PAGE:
The farming community bid farewell to one of its foremost members Tuesday when Fleming resident Mark Dailey, 64, died at his residence in a farming accident.
Dailey received the Marietta Area Chamber of Commerce Agricultural Award, was a member of the Farm Bureau and had been a member of the Washington County Fair Board for 13 years.
He died Tuesday afternoon in a tractor incident at his farm, 1358 Fisher Ridge Road.
"He always had a smile on his face, kind of ornery grin, kinda makes you wonder what he was up to. He was one of the best farmers around, very honest," said Charles Seaman, owner of Seaman's General Merchandise in Barlow.
Dailey was operating a John Deere 440 tractor and a manure spreader attached to the power take-off (PTO) when the accident occurred.
"It appears he was either attempting to hook or unhook the spreader," said Washington County Sheriff Larry Mincks. "It was a huge tractor. He got off it and then walked to the area between the tractor and the spreader and was trying to hook up that spinning shaft that got his clothing."
The PTO is described by the Centers for Disease Control and Prevention as one of the leading causes of injury for farmers.
The PTO was operating a manure spreader at the time of the accident and the shaft caused the injury by catching clothing.
"It caused massive injuries that resulted in his death," Mincks said.
The call came into the sheriff's office at 5:05 p.m. but the accident appeared to have occurred earlier in the day, Mincks said.
Members of the Barlow Volunteer Fire Department and the Washington County Sheriff Office's crime scene unit responded, where Dailey was pronounced dead at the scene.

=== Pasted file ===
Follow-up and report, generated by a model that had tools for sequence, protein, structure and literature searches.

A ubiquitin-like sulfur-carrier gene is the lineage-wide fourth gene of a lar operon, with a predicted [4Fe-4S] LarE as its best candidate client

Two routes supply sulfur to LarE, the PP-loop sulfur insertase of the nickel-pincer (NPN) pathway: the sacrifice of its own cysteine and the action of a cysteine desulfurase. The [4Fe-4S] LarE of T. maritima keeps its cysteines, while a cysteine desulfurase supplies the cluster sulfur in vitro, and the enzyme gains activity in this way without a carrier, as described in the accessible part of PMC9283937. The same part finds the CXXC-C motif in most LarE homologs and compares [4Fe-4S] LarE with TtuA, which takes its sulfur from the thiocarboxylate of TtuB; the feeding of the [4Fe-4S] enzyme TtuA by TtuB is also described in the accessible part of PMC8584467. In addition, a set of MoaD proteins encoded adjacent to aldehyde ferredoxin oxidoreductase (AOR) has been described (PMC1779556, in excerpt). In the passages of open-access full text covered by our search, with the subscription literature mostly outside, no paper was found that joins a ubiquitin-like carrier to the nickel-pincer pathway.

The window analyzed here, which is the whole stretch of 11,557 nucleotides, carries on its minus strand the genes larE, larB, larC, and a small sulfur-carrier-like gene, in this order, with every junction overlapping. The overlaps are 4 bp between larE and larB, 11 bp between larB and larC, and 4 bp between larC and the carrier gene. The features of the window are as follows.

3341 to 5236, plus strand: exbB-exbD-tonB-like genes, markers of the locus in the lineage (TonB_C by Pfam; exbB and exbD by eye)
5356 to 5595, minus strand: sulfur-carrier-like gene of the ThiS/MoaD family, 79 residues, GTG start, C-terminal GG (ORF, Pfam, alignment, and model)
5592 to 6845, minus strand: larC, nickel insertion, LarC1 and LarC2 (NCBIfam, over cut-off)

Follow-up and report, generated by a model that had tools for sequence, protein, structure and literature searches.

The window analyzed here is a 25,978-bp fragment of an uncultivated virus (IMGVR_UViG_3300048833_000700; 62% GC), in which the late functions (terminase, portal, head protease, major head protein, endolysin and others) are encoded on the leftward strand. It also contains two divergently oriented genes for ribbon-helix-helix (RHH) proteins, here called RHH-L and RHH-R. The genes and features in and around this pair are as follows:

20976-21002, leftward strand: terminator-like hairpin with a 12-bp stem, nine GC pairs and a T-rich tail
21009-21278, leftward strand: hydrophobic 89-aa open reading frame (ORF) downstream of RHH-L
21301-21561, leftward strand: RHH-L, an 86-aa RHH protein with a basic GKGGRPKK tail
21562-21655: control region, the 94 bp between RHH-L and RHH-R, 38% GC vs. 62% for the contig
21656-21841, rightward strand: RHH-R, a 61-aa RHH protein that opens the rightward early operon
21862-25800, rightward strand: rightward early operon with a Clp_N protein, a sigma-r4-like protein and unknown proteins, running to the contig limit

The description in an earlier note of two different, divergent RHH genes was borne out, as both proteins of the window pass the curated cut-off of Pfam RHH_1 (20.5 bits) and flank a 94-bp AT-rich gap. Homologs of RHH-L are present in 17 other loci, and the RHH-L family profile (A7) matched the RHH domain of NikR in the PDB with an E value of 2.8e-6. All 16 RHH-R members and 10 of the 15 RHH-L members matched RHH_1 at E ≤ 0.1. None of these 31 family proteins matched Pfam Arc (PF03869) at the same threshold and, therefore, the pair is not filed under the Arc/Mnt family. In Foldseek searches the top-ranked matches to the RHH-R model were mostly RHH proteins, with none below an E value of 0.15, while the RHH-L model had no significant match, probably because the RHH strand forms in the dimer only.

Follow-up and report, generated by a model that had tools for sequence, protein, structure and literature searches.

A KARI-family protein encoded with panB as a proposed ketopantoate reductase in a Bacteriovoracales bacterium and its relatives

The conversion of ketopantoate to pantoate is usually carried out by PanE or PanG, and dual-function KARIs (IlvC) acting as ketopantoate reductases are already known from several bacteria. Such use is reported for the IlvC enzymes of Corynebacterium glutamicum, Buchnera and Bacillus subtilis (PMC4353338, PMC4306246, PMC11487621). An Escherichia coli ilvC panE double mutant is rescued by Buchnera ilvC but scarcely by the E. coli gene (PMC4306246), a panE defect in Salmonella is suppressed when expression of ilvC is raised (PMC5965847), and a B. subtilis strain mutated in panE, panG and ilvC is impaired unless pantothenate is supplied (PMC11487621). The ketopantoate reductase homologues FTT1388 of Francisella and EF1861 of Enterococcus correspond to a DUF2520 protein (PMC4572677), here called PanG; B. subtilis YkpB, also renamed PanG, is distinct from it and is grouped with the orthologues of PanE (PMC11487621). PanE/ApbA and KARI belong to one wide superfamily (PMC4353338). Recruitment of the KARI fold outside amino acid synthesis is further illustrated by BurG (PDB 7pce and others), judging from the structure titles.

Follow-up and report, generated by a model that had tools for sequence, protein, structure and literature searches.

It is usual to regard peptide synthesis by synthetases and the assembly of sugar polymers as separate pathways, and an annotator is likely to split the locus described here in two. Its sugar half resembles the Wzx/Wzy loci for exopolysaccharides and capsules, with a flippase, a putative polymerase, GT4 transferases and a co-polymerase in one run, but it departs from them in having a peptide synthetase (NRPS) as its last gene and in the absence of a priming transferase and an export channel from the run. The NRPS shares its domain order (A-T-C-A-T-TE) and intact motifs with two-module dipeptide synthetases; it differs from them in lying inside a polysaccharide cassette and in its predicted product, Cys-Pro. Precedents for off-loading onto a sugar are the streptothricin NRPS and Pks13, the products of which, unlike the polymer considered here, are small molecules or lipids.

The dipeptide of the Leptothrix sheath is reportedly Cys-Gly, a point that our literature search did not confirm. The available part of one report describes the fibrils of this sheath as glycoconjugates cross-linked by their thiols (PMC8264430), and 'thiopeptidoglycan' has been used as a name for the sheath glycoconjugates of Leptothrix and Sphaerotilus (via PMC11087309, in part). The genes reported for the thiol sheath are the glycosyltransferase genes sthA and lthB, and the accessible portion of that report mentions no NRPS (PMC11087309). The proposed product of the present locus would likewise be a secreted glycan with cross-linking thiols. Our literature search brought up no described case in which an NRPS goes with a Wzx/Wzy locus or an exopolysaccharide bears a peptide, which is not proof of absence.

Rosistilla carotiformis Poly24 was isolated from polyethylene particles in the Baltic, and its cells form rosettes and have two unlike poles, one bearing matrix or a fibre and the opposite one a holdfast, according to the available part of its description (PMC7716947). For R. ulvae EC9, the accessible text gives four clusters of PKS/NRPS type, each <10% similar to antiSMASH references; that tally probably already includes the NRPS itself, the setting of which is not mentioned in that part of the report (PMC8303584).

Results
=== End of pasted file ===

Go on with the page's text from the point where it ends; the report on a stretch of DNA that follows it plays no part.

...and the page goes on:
"He's probably done this 100 times in his lifetime. It was an accident and it caught him. It was unfortunate," said Washington County Sheriff's Office Chief Deputy Mark Warden.
Warren High School agriculture education instructor Allen Clark said he was shocked to hear about Dailey's death.
"He's going to be missed," Clark said.
Clark said Dailey was active in the county Farm Bureau, the Soil and Water Conservation District and more. He described Dailey as a "progressive" farmer.
He was "always a student of agriculture, always anxious to learn," Clark said.
Seaman praised Dailey as a good family man, with commitment to his community. As a hog farmer, Dailey gave hogs every year to benefit organizations such as the fire department, and he did so in his own pleasant way.
"The biggest thing that I always had respect for him, he was always in a good mood," Seaman said.
Evan Bevins contributed to this story.